In Defense of Foreign Policy Ignorance

In Defense of Foreign Policy Ignorance
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A recent survey found that the worse people are at spotting Ukraine on a map, the more likely they are to support an American intervention there. That touched off a debate on the role of expertise in decision-making. Writing in the Washington Post, Charles Lane questioned the notion that expertise trumps all: "Since when is precise, granulated geographical knowledge some sort of prerequisite for deciding what's right in foreign policy generally or for Ukraine specifically? [...] Foreign policy is not only about knowledge but also judgment; not only smarts but also wisdom." Greg Scoblete of RealClearWorld shot back: "Understanding a subject deeply is certainly no guarantee that you'll make the correct decisions. [...] But over the long term, it strikes me as far better to empower decision-makers that actually know what they're talking about rather than those who pantomime right-sounding principles as a substitute for genuine understanding." And this isn't a new debate -- it cropped up as Republicans weighed their options after Mitt Romney's defeat in 2012, and when Sarah Palin was on the ticket in 2008, just to name a couple of recent examples.

How much should our foreign policy leaders know about the countries with which they interact? Some ignorance is inevitable. There's essentially no limit to how much you can learn about a particular foreign country -- nobody will know everything. Worse, there are many countries, and a major international power like the United States must interact with almost all of them. Nobody can know enough about each one. Worse still, the foreign policy buck stops at the desk of someone responsible for a lot more than just foreign policy: the president. There can be no Expert in Chief; there are state dinners to attend, judges to appoint, websites to launch and ninety-minute phone calls with Putin to be made. And many of the president's immediate subordinates have broad portfolios of their own. John Kerry and Ben Rhodes don't have time to read the Kyiv Post, People's Daily and the Tehran Times every morning, or to dig deeply into the history and culture of every country that they deal with. If expertise must play a central role in policy-making, the wise move would be to delegate as many decisions as possible pertaining to U.S. policy toward particular countries to the best experts on those countries. Yet that's not what we do -- thank goodness.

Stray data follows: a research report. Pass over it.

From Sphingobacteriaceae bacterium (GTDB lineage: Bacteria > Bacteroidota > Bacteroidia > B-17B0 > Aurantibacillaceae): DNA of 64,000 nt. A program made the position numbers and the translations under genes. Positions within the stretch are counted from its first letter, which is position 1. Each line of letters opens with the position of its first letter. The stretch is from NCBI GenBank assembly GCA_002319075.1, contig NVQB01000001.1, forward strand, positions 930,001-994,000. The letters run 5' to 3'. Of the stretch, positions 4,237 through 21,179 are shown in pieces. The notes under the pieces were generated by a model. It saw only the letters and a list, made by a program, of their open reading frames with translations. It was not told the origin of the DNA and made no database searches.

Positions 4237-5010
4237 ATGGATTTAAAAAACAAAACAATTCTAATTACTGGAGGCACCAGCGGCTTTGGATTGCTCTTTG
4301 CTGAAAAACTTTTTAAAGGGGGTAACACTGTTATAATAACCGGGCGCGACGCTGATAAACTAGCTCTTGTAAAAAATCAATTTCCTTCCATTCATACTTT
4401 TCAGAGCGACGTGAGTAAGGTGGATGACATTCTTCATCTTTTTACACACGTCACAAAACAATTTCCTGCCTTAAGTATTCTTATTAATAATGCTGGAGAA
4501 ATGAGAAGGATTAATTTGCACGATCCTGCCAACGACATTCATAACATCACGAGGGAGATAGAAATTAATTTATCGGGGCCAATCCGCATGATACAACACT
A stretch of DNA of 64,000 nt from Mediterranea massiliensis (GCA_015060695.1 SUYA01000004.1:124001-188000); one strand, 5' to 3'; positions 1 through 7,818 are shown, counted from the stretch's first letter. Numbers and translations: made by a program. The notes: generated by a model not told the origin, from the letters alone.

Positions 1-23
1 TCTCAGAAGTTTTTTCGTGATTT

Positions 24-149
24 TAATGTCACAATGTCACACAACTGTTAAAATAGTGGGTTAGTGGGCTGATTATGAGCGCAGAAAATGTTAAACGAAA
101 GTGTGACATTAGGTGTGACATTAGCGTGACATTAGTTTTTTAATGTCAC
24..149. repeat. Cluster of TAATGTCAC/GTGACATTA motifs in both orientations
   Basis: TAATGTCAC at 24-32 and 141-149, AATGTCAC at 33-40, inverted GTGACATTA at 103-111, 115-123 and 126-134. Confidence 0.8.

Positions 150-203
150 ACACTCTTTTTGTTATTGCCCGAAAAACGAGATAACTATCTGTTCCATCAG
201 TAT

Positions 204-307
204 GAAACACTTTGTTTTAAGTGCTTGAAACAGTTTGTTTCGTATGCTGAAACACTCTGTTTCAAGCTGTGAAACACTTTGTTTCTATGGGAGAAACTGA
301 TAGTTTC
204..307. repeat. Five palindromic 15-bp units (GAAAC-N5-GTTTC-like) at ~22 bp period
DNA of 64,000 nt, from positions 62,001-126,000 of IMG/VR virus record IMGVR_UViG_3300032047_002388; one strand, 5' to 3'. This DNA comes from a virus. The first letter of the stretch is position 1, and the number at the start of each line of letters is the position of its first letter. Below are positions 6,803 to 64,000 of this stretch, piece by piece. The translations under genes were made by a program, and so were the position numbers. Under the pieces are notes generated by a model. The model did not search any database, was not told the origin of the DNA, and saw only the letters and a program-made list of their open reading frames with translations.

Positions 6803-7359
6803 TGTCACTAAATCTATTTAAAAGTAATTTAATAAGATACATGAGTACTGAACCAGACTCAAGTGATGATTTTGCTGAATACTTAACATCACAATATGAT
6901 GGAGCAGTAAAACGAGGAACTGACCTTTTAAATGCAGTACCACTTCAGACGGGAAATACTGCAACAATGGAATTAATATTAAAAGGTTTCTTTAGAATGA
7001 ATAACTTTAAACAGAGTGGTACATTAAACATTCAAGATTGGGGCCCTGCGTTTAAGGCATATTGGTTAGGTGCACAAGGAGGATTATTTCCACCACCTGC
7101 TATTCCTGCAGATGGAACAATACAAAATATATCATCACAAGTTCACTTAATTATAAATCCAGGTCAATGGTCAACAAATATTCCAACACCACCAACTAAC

For one thing, a global player with complicated, interlocking interests around the world can't make policy toward specific countries in isolation, even if experts on those countries unanimously agree that their preferred policy is the best. The negotiations with Iran, for example, have had a major effect on America's relations with Israel and the Gulf states. Success at the negotiating table will require the careful management of those relationships, and that management might require adjustments in the negotiations with Iran -- adjustments that the Iran experts might not support. The complexity is even greater when dealing with other global powers, since they can respond in many areas. Russia is a party to the Iran negotiations, an Iranian trading partner and a potential Iranian arms supplier. Moscow could easily choose to answer U.S. policies in Ukraine with policies of its own toward Iran. And so the Iran talks might impact -- and be impacted by -- decisions about a country more than one thousand miles from Tehran.